Two WWII Vets Reminisce

Two WWII Vets talking and eating soup

Robert Cole (l) & Billy Forrest (r)

These two veterans of World War II are enjoying a bowl of homemade vegetable soup and talking about their Army days. They might not be alive today had it not been for an historic decision made by President Harry Truman.

As WWII was coming to a close on the European front, attention turned to the Pacific and Japan. Among options available, a massive invasion of Japan similar to Normandy was on the table.

There was a big difference in Normandy and Japan. Normandy was in France, a nation occupied by the German army. Japan was not an occupied nation.

An invasion of Japan would have been an invasion of the homeland of a people who had already demonstrated a willingness, even desire, to heroically die for their country. Normandy would have been a small skirmish contrasted to the American lives that would be lost in an invasion of Japan.

Another option was a secret weapon that was ready for deployment. This weapon would reign destruction and terror of such a magnitude that the Japanese might choose to surrender. President Truman decided to use the new weapon.

On August 6, 1945 the first atomic bomb fell on Hiroshima. Sixteen hours later, President Truman called for Japan’s unconditional surrender or, “expect a rain of ruin from the air, the like of which has never been seen on this earth.”

The Japanese leaders fiercely debated among themselves about continuing the fight for favorable conditions of cease fire or accepting the American demands. On the evening of August 8, the Soviet Union broke their neutrality treaty with Japan and declared war. Shortly after midnight August 9, the Soviets moved into Manchuria.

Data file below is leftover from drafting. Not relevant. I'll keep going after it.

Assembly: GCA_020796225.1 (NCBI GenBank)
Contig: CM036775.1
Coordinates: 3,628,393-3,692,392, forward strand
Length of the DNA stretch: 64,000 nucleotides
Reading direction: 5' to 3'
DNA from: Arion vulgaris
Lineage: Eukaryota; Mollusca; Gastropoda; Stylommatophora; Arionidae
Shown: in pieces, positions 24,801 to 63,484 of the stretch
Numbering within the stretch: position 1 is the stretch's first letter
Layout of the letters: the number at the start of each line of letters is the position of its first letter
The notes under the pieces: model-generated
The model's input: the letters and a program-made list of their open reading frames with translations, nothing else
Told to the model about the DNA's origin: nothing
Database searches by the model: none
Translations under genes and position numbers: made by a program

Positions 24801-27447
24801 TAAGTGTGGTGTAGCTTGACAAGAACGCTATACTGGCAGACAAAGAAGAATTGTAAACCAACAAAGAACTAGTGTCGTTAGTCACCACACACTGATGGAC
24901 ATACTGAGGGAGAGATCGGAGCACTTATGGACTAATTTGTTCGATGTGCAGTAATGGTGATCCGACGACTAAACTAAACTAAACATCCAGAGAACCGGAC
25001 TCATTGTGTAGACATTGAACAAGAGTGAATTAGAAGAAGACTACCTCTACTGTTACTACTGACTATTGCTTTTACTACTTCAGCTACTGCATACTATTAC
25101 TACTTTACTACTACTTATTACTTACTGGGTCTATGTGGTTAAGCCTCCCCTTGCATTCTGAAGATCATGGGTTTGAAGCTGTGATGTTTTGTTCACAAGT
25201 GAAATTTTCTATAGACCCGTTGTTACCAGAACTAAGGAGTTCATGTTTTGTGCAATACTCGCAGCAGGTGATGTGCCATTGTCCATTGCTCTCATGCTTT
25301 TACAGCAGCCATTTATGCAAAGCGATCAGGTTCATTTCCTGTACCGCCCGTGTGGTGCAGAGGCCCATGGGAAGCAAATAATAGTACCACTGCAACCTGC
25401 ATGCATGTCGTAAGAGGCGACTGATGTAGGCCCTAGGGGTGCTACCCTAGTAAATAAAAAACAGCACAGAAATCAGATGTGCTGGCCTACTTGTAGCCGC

Later that day, the Americans dropped the 2nd atomic bomb on Nagasaki. Japanese Emporor Hirohito had enough and ordered the Japanese to accept unconditional surrender. He gave a radio address announcing the surrender on August 15.  On August 28, 1945, the Americans began the occupation and rebuilding of Japan.

Robert Cole and Billy Forrest were both draftees from Georgia. They were both sent to Japan as part of the American occupation at the end of the war. They were both assigned to the Signal Corp.

73 years later, they met each other for the first time. They compared notes and found out that both had been deployed to Japan immediately following the Japanese surrender.  Both were in the Signal Corp. Both recall going through a terrible storm on the way to Japan. They concluded that they might have been on the same ship.

They served in different locations in Japan. Instead of fighting the Japanese, they made friends with them and helped rebuild the nation. They were in Japan for about a year before being sent home and receiving their honorable discharges.

Robert Cole married and had two children. One of them was me.  Billy Forrest was already married when he was drafted but he and his wife never had children. Both of these men are now in their 90’s.

They have lived productive lives and impacted the lives of thousands. Billy became a pastor, plays the guitar and sings. He still preaches or pulls out his guitar and sings on ocassion today. Robert applied his Signal Corp training to work at Robins Air Force Base where he retired working in Foreign Weapons Sales. Today he loves to cook and design and build models from scratch.

I may write more about these men later. Both have a great story to tell.

These two men, along with thousands of other young Americans, could have easily been casualties on a Japanese beach in the Pacific Ocean. Billy Forrest could have left a widow back in Georgia. Instead, they were young Americans who befriended former enemies and helped to rebuild a new allied nation of Japan.

Personally, I am thankful that President Truman chose the nuclear option. My prayer is that we never have to use that option again. I also pray for the wisdom of courage of every American President who may have to weigh that decision and use it if necessary.

Signature-Donald E. Cole

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